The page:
The NRC has been consistently ranked as one of the best places to work in the federal government but we’ve also learned that a recent Government Business Council’s report has ranked us as one of the most millennial-friendly federal agencies.
You are probably wondering why are new college grads and others in their early 20s interested in coming to work for us? First off the NRC has a compelling mission that resonates with today’s youth. The essence of the mission is to protect people and the environment. What’s not to like?
In addition, the NRC is guided by a strong set of organizational values. These values – integrity, service, openness, commitment, cooperation, excellence and respect — guide every action we take from decisions on safety, security, and environmental issues to how we perform administrative tasks to how we interact with one another as well as our stakeholders.
At the NRC, we strive to create a work environment focused on personal and professional growth. NRC offers a host of benefits to our employees, which are also important to today’s graduates. These benefits include flexible work schedules, telework, and a variety of wellness programs. We encourage employees to maintain a healthy work/life balance so that they can have time to focus on family activities as well as outside interests.
We are proud of our excellent training programs that enable employees to develop and enhance their skills sets. The NRC keeps careers exciting and encourages mobility by offering rotational opportunities in both our headquarters and regional locations. We also offer mentoring programs and support continuous education to help employees map out their career paths.
We are committed to hiring more new graduates to fill our entry level positions and encourage you to check our employment page!
Every year as part of its public outreach effort, the NRC holds a public meeting in the vicinity of each nuclear power plant. The meetings are designed to provide members of the local community with an opportunity to hear a report from the NRC on each plant’s safe operation and meet face-to-face with the people responsible for ensuring the safe operation of the nation’s 104 operating reactors.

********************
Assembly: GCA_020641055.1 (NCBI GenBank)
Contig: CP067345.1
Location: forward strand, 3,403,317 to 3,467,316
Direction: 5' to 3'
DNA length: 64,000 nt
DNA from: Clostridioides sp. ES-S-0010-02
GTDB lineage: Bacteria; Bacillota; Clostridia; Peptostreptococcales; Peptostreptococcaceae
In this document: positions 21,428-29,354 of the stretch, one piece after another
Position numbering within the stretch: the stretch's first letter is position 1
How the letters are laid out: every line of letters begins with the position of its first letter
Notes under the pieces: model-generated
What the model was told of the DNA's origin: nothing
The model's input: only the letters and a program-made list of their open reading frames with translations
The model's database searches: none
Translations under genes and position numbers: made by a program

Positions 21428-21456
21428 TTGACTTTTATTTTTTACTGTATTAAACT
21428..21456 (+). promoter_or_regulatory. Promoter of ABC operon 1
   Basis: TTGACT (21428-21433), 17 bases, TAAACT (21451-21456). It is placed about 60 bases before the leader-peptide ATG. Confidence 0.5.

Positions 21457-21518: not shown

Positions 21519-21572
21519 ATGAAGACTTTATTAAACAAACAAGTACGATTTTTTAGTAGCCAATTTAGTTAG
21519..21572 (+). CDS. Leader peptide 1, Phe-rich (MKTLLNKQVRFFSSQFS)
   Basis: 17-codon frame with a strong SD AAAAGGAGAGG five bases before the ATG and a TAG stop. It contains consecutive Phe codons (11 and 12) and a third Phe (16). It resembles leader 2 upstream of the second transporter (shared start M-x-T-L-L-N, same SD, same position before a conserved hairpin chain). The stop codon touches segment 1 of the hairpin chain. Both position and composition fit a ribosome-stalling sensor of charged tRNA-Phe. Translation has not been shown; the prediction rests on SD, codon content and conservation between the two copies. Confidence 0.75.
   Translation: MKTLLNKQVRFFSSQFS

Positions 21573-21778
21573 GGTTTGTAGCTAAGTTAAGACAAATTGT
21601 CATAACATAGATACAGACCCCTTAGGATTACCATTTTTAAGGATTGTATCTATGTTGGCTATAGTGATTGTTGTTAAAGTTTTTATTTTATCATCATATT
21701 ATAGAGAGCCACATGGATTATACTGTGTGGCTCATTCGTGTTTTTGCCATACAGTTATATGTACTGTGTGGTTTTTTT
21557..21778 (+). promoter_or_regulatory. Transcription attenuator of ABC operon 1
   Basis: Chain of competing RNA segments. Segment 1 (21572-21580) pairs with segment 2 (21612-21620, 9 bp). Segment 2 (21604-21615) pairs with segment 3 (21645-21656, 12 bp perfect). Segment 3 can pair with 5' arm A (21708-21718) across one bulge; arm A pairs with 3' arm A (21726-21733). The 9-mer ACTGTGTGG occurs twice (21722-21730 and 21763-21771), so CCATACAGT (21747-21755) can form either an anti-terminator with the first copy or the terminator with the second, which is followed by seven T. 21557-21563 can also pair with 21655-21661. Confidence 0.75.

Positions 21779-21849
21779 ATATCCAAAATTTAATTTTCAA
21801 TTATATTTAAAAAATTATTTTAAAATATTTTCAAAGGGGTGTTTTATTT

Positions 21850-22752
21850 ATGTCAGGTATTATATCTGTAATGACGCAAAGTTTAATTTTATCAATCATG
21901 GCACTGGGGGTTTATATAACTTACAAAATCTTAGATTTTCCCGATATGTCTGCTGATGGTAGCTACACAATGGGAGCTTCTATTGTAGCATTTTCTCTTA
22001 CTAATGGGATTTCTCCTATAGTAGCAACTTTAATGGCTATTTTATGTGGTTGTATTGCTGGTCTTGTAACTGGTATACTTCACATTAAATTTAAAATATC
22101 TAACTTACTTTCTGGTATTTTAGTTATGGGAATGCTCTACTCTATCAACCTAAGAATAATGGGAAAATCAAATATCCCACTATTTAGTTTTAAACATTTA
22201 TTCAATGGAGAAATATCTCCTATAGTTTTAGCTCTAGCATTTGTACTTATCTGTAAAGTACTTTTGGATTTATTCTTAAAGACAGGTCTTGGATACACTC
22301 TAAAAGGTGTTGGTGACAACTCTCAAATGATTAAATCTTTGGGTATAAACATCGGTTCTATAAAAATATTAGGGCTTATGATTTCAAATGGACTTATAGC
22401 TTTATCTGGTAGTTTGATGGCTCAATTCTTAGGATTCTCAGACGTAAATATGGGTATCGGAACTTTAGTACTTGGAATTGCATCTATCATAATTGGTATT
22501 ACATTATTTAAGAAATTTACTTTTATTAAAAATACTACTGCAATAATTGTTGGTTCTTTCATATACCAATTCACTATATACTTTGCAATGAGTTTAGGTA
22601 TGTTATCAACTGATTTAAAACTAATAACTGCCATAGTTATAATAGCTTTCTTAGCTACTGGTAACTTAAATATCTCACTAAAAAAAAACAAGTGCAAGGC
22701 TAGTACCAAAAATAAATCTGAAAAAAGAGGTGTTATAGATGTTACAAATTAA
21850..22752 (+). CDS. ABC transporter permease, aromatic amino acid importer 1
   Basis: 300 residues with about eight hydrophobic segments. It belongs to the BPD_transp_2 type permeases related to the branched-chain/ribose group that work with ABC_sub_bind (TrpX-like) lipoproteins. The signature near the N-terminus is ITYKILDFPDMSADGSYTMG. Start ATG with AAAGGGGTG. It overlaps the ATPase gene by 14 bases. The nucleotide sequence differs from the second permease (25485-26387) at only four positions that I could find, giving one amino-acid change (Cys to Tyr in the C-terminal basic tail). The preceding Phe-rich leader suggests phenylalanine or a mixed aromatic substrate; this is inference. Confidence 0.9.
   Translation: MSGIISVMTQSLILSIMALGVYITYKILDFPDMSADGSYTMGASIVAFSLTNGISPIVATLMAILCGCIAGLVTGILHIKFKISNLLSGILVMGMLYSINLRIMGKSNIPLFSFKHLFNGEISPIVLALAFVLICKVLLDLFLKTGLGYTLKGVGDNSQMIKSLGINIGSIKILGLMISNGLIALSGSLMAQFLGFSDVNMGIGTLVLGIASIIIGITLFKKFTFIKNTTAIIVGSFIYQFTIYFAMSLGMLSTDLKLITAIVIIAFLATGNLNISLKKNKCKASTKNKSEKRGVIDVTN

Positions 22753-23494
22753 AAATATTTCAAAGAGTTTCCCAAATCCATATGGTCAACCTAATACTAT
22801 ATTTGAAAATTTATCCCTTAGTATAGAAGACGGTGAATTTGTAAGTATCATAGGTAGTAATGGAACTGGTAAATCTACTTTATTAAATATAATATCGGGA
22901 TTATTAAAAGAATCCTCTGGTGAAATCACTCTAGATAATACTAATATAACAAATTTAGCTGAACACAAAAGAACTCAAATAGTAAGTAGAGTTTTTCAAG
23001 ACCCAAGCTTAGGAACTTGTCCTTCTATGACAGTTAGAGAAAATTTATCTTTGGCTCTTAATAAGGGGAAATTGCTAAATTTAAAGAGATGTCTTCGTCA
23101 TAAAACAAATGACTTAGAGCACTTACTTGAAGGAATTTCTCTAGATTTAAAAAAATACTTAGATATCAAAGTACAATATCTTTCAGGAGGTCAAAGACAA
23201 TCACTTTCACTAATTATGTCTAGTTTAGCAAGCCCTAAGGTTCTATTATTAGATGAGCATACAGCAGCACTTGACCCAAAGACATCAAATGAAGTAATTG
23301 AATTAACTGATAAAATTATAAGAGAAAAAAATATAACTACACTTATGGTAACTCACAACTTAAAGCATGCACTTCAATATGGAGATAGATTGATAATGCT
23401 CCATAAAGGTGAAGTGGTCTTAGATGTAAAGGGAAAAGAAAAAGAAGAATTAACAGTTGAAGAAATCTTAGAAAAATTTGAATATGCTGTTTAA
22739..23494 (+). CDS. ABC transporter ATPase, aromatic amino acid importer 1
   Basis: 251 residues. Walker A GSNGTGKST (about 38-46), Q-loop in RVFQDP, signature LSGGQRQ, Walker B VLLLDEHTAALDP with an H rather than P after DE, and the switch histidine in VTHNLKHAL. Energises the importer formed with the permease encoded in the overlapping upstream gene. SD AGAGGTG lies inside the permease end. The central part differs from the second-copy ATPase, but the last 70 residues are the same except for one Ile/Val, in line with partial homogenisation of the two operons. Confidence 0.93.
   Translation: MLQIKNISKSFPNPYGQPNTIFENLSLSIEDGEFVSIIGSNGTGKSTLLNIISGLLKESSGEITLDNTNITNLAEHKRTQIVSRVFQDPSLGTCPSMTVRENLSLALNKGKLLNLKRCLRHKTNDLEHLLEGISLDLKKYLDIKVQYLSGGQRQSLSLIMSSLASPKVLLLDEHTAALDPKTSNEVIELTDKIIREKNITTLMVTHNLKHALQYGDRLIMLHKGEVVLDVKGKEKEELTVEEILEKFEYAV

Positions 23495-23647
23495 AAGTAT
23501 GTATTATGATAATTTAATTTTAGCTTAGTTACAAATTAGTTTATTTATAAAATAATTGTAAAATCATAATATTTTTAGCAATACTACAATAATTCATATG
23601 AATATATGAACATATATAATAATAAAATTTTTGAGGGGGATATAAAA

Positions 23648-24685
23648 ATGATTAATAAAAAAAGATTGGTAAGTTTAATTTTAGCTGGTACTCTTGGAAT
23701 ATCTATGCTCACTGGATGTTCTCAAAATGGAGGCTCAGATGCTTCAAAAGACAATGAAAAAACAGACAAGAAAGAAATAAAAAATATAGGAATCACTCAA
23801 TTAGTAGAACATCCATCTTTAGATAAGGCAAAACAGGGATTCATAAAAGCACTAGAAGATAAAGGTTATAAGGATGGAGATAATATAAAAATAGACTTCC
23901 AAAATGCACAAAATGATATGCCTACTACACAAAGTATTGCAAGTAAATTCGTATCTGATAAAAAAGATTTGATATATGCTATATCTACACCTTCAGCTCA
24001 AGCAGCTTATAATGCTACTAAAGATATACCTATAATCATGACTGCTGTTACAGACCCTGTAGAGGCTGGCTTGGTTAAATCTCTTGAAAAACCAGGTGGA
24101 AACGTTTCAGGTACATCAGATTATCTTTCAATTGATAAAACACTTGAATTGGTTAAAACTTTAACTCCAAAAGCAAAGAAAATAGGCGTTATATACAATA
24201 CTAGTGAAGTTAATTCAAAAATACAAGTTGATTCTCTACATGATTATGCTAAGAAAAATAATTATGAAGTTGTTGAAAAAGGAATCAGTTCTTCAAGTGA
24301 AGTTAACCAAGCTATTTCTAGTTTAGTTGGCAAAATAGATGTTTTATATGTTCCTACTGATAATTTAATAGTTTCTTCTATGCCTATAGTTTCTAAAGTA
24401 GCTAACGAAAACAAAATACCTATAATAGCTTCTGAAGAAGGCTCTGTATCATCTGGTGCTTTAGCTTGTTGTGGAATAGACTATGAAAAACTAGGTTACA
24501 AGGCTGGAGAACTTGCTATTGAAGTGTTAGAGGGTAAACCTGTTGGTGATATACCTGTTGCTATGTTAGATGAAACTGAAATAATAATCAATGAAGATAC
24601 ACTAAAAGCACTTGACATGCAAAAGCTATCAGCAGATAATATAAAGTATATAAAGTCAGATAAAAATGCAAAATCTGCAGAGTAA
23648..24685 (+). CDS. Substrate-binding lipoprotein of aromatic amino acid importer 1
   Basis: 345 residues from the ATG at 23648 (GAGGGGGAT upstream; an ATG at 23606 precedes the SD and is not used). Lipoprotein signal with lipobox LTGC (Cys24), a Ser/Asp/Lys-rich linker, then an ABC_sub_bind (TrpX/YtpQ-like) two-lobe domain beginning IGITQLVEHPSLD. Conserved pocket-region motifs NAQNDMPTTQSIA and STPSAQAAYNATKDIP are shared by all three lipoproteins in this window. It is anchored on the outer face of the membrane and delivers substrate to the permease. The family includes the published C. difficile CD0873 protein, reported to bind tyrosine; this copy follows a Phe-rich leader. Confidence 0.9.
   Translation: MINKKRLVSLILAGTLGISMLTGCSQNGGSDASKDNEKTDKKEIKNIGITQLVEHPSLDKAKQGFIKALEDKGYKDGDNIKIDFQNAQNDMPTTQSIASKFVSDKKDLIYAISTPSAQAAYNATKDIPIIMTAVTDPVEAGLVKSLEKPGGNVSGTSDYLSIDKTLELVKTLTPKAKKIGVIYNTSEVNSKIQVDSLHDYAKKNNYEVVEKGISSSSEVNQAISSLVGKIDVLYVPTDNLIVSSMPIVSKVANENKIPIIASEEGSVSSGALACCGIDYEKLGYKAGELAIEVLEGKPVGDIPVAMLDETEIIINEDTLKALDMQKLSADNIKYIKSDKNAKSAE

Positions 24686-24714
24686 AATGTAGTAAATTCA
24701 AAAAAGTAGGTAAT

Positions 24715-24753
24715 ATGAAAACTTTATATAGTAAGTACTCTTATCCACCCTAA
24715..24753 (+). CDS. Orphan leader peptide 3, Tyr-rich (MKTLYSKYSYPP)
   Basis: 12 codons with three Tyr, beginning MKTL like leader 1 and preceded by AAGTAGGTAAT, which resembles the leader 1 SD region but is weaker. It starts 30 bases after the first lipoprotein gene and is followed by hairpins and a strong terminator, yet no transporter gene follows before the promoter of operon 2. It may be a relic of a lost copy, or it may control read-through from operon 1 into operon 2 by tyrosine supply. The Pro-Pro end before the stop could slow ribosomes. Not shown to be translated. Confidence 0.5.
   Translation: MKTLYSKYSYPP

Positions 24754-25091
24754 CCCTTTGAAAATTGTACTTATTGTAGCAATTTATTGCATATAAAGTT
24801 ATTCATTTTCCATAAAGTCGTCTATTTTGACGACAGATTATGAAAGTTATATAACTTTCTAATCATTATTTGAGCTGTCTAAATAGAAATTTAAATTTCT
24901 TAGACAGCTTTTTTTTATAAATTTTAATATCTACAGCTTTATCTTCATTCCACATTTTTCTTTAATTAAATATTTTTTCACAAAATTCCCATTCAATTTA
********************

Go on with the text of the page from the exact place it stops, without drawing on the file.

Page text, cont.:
Some meetings draw hundreds of participants while others are sparsely attended. Typically, the meetings for South Texas Project in Bay City, Texas, draw only a handful of members of the public. In NRC’s Region IV, we have been looking at alternatives to the traditional public meetings held in hotel conference rooms. We’ve been setting up information booths at community events and encouraging resident inspectors to meet with civic groups. As part of this effort, I decided to approach the Bay City Chamber of Commerce to see if I could speak at one of their lunch meetings.
At our request, the C of C agreed to open their Aug. 1 meeting to the general public. Flyers were mailed to the local community and we were told we drew a noticeably larger audience than usual. I provided the group with a brief synopsis of the inspections I had conducted during 2011 and described some of the duties that I, as the NRC’s Senior Resident Inspector, perform on a daily basis.
Despite living so close to a nuclear plant, most of the Bay City residents who came did not know much about the role the NRC plays in ensuring the safe operation of South Texas Project. Many expressed surprise when I described our role as an independent regulator of nuclear safety and told them we had unfettered access to the plant, to people and records. They also did not realize that we were assigned to the site, report to the facility virtually every day, are capable of responding 24 hours a day, seven days a week, and are limited to a maximum assignment of seven years.
I answered a variety of questions related to how we perform inspections, how events from Fukushima have changed our actions, and how we assess the safety of each plant. All in all the meeting was quite successful and resulted in interacting with new members of the public that we had never reached before.
Senior Resident, South Texas Project Nuclear Plant